Some more research turned up José Gonzales’ own birth as well as other pertinent data. His baptismal record, April 14, 1799, shows him as José Angel, vecino, the child of José Santos Gonzales and María Dominga Martín Listón. He was the fifth child among nine recorded children of José Santos Gonzales and his wife, who is variously written down as María Martín or María Listón, or both surnames combined. In some of these baptisms the parents are referred to as vecinos living at El Rancho (San Francisco del Rancho) in the valley of Taos. Their other children were: María Reyes de los Dolores (1790), José Francisco Maximo (1792), José Antonio (1794), a second José Antonio (1796), Francisca (1801), Tomás (1804), José Santiago (1806) and a third José Antonio (1808). The second last son married María Luján, an Indian of Taos Pueblo, on December 21, 1826.
Then I came upon the marriage of Gonzales’ parents at Taos, June 18, 1788; José Santos Gonzales, son of José Antonio Gonzales, coyote, and Francisca ‑‑‑‑‑‑‑‑‑‑‑‑‑‑‑‑‑‑‑‑‑‑‑‑, with María Listón, india natural del pueblo (Taos). Here we come upon the governor’s complete racial background. His grandfather was a coyote. Whatever the meaning of this term in the rest of Spanish Colonial America, in New Mexico at this time it meant the child of an Indian woman by a European‑born father, or the child of a Spanish New Mexico woman by a European‑born father. Every circumstance indicates that José Antonio Gonzales had been bought, rescued, or captured from the Plains Indians by some Spanish settler of Taos valley; being a coyote of this type, he most likely had a French father out on the plains. (Had his mother been a Plains Indian captive or a Taos Pueblo Indian, and his father a Spanish New Mexican, he would have been called a mestizo instead.) He then married a certain Francisca, whose identity we do not know, but who also was most likely a Plains Indian captive (Ute, Pawnee, Kiowa, etc.). Reared in Spanish homes as servants, the pair had not only taken Spanish names but had also adopted Spanish ways of living. Their children, in turn, would continue the same mode of life, speaking the Spanish language, since their parents had forgotten their native tongue, if captured young, or were of diverse tribes.
The term used for such folks was genízaros, not “janissaries” in the military use of the word, but a mixed non-Pueblo Indian people who followed Spanish ways. For this reason they often shared the term vecinos with the Spanish population, the latter being also recorded as españoles. Gnzales’ father, José Santos, had married a Taos Indian, María Listón or Martín, but had taken her away from the Pueblo; hence she had entered the status of a genízara and was referred to as such with her husband when their later notorious son was first married in 1817.
And so General Armijo was most correct in referring to José Gonzales, the “Angelito,” as a genízaro. Earlier American writers who translated the word as “Indian” were also correct in the sense that Gonzales was seven‑eighths Indian racially, though of different tribes; but they mislead others into picturing him as a Taos Pueblo Indian with long braids, war‑paint, etc., whereas he actually belonged to a family living a Spanish way of life for three generations. From his close connections with Taos Pueblo, especially through his mother, we can assume that he was conversant with the North Tigua language. His arousing of various Pueblos to follow him in his bloody spree shows his influence, and also sympathies, with the indigenous inhabitants of New Mexico. Perhaps indicative of his Plains Indian background was the fact that he was chosen leader of the insurgents, as Sánchez mentions in the work cited, because he was a great bison hunter.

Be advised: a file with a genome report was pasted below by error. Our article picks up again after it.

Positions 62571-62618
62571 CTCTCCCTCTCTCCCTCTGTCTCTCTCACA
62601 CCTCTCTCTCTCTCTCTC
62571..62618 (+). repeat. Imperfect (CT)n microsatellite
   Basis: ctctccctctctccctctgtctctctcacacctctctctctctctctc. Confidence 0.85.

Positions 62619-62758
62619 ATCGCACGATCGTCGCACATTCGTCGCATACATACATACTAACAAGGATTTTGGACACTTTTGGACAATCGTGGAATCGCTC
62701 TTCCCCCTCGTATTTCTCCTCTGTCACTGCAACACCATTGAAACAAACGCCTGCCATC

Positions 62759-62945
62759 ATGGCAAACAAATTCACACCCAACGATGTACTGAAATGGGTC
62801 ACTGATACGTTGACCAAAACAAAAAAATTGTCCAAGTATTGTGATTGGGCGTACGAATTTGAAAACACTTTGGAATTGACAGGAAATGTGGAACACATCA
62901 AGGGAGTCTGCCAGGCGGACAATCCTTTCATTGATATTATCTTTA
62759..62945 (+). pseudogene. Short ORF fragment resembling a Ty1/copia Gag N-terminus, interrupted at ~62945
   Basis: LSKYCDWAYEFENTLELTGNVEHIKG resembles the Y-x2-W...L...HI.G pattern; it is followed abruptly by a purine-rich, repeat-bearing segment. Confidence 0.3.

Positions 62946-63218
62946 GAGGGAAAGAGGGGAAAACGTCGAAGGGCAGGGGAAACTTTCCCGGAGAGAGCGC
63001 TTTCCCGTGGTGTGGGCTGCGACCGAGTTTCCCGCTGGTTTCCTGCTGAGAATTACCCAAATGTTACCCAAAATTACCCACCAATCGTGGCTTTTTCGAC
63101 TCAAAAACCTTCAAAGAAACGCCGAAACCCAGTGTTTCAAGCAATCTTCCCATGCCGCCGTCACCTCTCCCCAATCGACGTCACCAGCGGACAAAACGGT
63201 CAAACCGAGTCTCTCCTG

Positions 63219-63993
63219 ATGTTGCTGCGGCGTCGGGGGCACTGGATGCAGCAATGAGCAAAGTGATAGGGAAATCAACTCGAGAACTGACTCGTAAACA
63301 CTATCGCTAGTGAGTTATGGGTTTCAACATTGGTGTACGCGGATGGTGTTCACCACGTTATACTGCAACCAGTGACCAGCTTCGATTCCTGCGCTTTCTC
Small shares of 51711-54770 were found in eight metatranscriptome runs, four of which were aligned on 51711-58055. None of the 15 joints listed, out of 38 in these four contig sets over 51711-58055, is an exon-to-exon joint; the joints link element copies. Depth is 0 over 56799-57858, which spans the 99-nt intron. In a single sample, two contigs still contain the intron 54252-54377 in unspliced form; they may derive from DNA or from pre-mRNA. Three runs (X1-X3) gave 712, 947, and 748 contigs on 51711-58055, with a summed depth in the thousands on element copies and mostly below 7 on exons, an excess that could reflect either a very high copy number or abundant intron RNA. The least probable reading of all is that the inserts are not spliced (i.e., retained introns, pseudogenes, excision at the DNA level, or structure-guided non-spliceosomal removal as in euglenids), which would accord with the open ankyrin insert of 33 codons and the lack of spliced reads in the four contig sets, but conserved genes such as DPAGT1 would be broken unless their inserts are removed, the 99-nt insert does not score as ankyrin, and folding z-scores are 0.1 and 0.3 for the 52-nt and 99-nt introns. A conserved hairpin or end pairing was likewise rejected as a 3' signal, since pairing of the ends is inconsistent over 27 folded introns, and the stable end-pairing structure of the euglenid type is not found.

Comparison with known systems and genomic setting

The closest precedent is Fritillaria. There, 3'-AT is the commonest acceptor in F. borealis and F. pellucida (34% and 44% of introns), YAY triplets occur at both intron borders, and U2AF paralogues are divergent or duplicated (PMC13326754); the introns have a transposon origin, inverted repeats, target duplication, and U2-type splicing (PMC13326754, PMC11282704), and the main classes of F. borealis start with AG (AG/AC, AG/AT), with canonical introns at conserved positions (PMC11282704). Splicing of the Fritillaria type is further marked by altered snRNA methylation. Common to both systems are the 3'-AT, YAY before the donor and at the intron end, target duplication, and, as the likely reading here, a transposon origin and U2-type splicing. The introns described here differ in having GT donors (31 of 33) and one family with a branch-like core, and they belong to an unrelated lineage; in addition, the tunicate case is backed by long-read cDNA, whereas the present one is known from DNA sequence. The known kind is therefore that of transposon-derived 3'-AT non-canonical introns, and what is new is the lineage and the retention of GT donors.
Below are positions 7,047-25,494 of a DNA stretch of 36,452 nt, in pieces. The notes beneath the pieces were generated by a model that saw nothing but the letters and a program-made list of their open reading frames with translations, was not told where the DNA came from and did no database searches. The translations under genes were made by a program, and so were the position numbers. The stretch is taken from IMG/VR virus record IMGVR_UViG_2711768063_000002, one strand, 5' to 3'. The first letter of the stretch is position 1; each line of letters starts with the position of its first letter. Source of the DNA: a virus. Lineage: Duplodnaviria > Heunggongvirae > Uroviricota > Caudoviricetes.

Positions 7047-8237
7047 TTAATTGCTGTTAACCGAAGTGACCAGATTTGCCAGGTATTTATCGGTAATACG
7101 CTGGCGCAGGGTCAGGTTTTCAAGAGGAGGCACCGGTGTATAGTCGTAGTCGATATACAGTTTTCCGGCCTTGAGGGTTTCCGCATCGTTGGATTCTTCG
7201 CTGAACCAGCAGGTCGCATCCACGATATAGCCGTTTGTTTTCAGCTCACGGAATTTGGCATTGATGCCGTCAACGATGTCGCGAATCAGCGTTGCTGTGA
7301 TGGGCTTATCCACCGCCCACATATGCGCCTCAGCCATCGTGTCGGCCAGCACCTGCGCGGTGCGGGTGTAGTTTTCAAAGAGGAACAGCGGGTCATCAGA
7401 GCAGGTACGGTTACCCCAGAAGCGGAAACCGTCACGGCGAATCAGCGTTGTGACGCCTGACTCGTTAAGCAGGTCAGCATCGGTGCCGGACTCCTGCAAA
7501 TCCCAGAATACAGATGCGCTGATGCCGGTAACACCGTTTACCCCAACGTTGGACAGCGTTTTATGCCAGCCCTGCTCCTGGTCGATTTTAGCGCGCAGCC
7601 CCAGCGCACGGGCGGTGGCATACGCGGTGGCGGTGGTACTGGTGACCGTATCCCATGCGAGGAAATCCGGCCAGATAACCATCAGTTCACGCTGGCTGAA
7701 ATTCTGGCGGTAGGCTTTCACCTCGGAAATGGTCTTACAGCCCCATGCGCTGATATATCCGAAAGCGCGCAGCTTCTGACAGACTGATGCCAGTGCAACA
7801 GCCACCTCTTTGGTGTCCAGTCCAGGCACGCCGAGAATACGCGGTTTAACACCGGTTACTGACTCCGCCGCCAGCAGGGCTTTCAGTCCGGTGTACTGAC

Those who translated genízaro as “half‑breed” left an equally wrong impression, as the term was often used then and sometimes now for a “Mexican.”
As for the mysterious passage in Read which started this inquiry of many years, Rafael Chacón was undoubtedly mistaken, and his statement was challenged and proven false before the English edition of Read’s history went to press. Undoubtedly, he confused one of the many “José Gonzales” men of the Rio Arriba country, one related to his own folks, with the insurgent governor. For I found no connections at all between the family of José Angel Gonzales and the Páez or Romero relations of Rafael Chacón.
The upshot of the whole matter is that New Mexico did have an Indian Governor, even if by savage usurpation, in the same manner that Mexico had an Indian President in Benito Juárez. But neither of these two revolutionaries wore loin‑cloths and war‑bonnets.
 Armijo supposedly said to Padre Martínez: “Confiese a este genízaro para que le den cinco balazos.” (Pedro Sánchez, Memorias del Padre Antonio José Martínez, Santa Fe, 1903. pp. 21‑26.)
 Benjamin M. Read, Historia Ilustrada de Nuevo México, Santa Fe, 1911, p. 457. Illustrated History of New Mexico, Santa Fe, 1912.
 Origins of New Mexico Families in the Spanish Colonial Period, Santa Fe, 1954, p. 317.
 Loc. cit.
 Vecino (neighbor) was a general term used for “settlers,” Spanish or otherwise, as distinguished from Indians living in a Pueblo. That Gonzales is here referred to as originario of Taos Pueblo is explained further on by the fact that his mother was a Taos Indian.
 All the foregoing birth and marriage data are taken from the mission registers in the Archives of the Archdiocese of Santa Fe. At present I am engaged in filing and codifying the archives with a complete catalogue and index in view for publication. This tedious project will take a year, perhaps much longer. In the meantime, please do not write to me or the Chancery for any data, but kindly wait for the catalogue.